If you have ever found yourself in a financial mess, more debts than money to pay them, struggling to repaying a loan, or had a collector phone you to ask why you haven’t paid, or worse yet, had a vehicle repossessed, or even worse a property repossessed or bailiffs sent out to your home??

If you have not, then you probably know someone who has, even if they have not disclosed this to you.

Here are a few more stats you may find interesting (based on 4th Quarter 2011 trends):

  • 318 people are declared insolvent or bankrupt every day.
  • 1,473 CCJ’s or County Court Judgments are issued everyday.
  • 93 properties were repossessed everyday.
  • Average household debt in the UK, not counting mortgages is £7,975.

So each of us on average, owes almost £8K in debt.

And many of us, for many reasons, struggle to repay these debts/loans.  We may struggle due to losing our jobs, or it may be through poor money management, or simply being overextended by living beyond our means.

There is a whole business, industry to help you do this.

There are companies and charities set-up, founded, bringing in profits, hiring people, creating jobs, etc, all to help people get out of debt.

This all makes up the debt industry.  An industry and business, just to help people who are in debt.

Many years ago being in debt was not only stressful due to owing money, but it also was a crime.

We all have probably heard about debtor’s prisons, where if you were insolvent or could not pay your debts, you were tossed into prison for a period of time to learn the errors of your ways.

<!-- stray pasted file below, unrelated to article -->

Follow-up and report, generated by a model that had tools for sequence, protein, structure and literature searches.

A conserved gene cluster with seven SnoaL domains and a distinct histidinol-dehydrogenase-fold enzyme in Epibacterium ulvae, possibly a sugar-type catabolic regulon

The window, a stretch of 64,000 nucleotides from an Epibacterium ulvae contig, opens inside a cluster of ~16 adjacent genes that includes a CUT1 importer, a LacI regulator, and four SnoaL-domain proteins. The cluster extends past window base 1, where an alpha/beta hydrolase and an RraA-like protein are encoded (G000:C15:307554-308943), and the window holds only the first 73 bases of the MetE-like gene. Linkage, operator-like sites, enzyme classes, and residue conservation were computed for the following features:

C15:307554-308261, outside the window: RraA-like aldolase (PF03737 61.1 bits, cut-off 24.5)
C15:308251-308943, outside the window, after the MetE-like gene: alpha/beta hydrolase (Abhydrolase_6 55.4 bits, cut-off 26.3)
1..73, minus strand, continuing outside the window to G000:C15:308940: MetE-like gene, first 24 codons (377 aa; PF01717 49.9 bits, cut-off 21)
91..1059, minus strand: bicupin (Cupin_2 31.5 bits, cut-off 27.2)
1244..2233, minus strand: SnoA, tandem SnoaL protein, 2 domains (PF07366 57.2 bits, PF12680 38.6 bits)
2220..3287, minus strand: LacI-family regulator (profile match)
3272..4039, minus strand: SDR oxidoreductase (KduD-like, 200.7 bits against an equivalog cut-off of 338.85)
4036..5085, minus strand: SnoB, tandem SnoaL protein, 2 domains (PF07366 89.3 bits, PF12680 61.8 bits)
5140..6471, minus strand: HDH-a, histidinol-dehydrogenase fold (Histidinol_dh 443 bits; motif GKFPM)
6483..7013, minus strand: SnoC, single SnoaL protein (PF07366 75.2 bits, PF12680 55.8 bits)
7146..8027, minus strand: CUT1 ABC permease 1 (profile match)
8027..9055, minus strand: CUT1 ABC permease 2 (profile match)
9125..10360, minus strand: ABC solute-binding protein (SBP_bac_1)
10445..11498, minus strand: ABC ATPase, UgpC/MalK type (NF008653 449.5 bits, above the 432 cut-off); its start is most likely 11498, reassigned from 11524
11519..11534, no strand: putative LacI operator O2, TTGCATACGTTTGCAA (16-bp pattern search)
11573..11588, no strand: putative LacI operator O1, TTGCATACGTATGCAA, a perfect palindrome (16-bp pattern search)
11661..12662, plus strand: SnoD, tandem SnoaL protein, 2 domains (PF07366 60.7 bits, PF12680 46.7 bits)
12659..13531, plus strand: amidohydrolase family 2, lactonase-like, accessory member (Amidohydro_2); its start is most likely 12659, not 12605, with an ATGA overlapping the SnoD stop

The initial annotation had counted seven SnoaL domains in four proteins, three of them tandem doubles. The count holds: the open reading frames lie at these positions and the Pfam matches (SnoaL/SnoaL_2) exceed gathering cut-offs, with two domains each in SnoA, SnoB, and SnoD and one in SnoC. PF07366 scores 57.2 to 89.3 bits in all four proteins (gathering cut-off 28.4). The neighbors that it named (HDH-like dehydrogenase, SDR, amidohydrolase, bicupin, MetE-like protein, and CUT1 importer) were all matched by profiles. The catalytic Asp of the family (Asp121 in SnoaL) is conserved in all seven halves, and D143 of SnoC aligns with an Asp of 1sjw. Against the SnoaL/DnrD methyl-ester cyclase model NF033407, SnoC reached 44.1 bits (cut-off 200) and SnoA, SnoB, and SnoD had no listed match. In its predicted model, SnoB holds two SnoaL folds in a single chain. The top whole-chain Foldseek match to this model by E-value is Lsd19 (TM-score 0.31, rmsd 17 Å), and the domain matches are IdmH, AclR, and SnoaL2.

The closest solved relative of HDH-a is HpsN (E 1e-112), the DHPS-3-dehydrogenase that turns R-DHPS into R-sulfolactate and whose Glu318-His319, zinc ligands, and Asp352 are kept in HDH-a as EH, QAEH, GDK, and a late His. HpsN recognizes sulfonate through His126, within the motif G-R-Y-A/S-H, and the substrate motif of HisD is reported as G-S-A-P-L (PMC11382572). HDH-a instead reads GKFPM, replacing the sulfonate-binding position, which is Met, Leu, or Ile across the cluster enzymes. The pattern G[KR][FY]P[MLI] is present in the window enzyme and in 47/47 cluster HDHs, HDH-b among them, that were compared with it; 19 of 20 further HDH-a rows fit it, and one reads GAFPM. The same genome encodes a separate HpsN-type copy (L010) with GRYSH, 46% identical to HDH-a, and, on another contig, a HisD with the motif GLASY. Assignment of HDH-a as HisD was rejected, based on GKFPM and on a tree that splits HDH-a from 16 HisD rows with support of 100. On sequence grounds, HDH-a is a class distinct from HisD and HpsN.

This really makes no sense as while you are imprisoned there is no way you would ever be able to repay anyone.

But that is what they would do.

The Marshalsea prison from the 1300’s until the 1800’s it housed men who had committed or should I say were accused, of various crimes, including London’s debtors.

Supposedly in the mid 1600’s there were 10,000 people imprisoned for being in debt.

Later in the 1700’s, hanging was introduced for finding oneself in debt.

Then in 1869 a Bankruptcy Act was passed which abolished debtor’s prisons and going to prison for being in debt.

And lastly we have the Insolvency Act of 1986.

And so a whole new business or industry was born.

Currently there are hundreds of debt management companies/agencies out there, all wanting your debt business.

Jon from debtmanagement.co.uk who has been in assisting people with financial difficulties both in American and In the UK for the past 18 years has seen many changes over that time. “ What I am currently seeing is people who are struggling financially due to the rising cost of just getting up to live each day.  Petrol and home heating fuel, food, electricity have risen so much that people who previously could service the debt they had, now need the money for the debt payments, just to cover the basics of life.”

So what are your options if in debt and struggling and looking for help with a company in the “helping those in debt” business?  Let’s look at them.

  • Token Payment Arrangement:  This is where you make ‘token payments’ to your creditors each month of £1 or £5 to each account.
  • Debt Management Plan:  A DMP, is an informal arrangement similar to a token payment plan in that you make payments each month of what you can afford towards the debts, but these payments are a higher amount than just a few quid each month.
  • IVA/Individual Voluntary Arrangement:  This is a formal arrangement between you and your creditors where you make payments of what you can afford each month, this is a formal arrangement.
  • Insolvency: Bankruptcy or a Debt Relief Order depending on your circumstance.

So as you can see, it is not just the banking and the lending industry that is big business, but also the not being able to repay those loans, and being in debt as well.

This article was written by Nick Zapolski of www.debtmanagement.co.uk